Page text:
I'll be the one in the half-assed pony tail, the one who jets off for the one-city book tour at the craziest time of year, the messy girl in jeans who sends ranty PTO messages, the mom who forgets where she hid the presents, the one with the biggest smile on her wind-chapped face. That one. That's me.

Tuesday, December 8, 2009

Watch out NeNe! Another Crazy Blonde is Coming to ATL!

That's right, you heard me. Hide your cheap beer...

I am writing from inside my home for the next three hours and since I am tapping away on my phone, with one finger no less, I am clearly intimidating my fellow passengers with my wikkid coolness. No matter: CarolynOnline's kids will like me (I travel with goodies).

Already got a call from one of my kids' schools. Something about a tree branch and a bump to the head. Other than that, I am sure everything is shipshape at home. There's plenty of waffles for instance and I was nice enough to leave three bins of Christmas Miraclabelia for my mom to sort out. Ho ho ho.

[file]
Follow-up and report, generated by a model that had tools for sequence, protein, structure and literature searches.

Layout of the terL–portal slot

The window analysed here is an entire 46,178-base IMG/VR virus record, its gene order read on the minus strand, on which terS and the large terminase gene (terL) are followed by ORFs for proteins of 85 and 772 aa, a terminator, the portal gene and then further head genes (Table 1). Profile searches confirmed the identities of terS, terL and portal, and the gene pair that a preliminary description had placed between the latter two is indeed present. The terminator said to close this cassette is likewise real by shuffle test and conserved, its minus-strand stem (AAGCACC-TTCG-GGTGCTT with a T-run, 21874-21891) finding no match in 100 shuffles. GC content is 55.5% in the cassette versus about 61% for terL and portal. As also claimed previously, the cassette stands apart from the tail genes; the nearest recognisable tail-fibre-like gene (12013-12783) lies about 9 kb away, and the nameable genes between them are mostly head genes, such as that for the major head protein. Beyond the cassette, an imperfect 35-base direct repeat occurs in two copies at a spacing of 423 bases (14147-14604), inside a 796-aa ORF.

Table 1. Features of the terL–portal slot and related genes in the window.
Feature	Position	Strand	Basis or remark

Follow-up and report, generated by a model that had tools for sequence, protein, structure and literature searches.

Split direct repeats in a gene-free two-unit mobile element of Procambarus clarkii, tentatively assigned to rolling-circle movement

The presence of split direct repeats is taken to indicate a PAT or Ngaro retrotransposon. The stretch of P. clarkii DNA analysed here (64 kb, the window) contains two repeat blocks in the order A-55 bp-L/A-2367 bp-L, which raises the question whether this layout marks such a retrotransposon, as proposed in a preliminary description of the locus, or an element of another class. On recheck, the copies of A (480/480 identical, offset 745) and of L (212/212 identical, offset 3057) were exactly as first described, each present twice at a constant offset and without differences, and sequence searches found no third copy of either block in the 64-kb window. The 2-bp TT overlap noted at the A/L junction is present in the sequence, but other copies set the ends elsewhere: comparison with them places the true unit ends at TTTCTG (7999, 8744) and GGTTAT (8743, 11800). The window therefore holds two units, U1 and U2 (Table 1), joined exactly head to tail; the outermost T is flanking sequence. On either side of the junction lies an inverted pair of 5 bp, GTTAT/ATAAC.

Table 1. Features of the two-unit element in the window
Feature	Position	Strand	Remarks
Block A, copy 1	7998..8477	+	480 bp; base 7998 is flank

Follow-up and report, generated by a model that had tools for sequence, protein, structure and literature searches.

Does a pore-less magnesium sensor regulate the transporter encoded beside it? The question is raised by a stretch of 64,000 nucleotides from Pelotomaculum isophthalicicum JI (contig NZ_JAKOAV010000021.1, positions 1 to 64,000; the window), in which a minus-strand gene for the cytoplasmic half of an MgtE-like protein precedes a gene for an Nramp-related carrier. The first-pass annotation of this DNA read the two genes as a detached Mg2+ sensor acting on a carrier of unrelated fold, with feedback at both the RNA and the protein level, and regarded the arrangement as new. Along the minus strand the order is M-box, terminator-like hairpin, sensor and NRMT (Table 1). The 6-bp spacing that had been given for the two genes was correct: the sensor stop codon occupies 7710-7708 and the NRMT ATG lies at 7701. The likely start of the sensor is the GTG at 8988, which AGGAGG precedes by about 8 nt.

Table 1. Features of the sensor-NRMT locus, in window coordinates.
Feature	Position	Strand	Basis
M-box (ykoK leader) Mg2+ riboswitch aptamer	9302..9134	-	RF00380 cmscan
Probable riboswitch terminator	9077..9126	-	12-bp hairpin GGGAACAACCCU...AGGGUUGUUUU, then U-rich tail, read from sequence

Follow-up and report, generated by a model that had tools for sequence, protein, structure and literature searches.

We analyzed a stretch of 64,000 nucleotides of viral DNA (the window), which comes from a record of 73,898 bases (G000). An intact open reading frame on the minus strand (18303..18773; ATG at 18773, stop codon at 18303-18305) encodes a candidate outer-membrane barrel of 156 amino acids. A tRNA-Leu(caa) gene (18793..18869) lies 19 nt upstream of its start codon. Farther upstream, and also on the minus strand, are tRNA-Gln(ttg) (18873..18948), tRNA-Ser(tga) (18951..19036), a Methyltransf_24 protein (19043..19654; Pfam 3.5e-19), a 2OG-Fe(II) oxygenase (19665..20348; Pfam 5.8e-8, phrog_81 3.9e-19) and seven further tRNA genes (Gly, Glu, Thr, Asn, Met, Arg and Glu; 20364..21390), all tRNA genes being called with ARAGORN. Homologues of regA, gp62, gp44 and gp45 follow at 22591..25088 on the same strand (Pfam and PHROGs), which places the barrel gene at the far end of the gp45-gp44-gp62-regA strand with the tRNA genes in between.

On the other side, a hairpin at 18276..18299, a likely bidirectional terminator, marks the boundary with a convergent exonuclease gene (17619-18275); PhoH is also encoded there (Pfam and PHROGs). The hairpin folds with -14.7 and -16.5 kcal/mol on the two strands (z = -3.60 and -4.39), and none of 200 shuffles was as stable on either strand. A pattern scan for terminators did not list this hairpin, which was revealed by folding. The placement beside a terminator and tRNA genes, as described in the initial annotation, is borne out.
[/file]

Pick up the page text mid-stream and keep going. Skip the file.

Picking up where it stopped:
So yeah three days in Dixie with Carolyn and our book and her kids and Scott and maybe a Housewife or two. I'll show 'em how we Yankees do it, as long as no one pulls off my wig.

Thursday, December 3, 2009

Slowing Down

In the very latest part of August, my friend's daughter was struck in a crosswalk by a car. She was fifteen years old and on her way to a friend's house in the light of 7pm. Her mother was in an airplane with her sister on the way to college. They were greeted by police at the gate. Her father and stepmother were summoned at their home: your child has been in a terrible accident.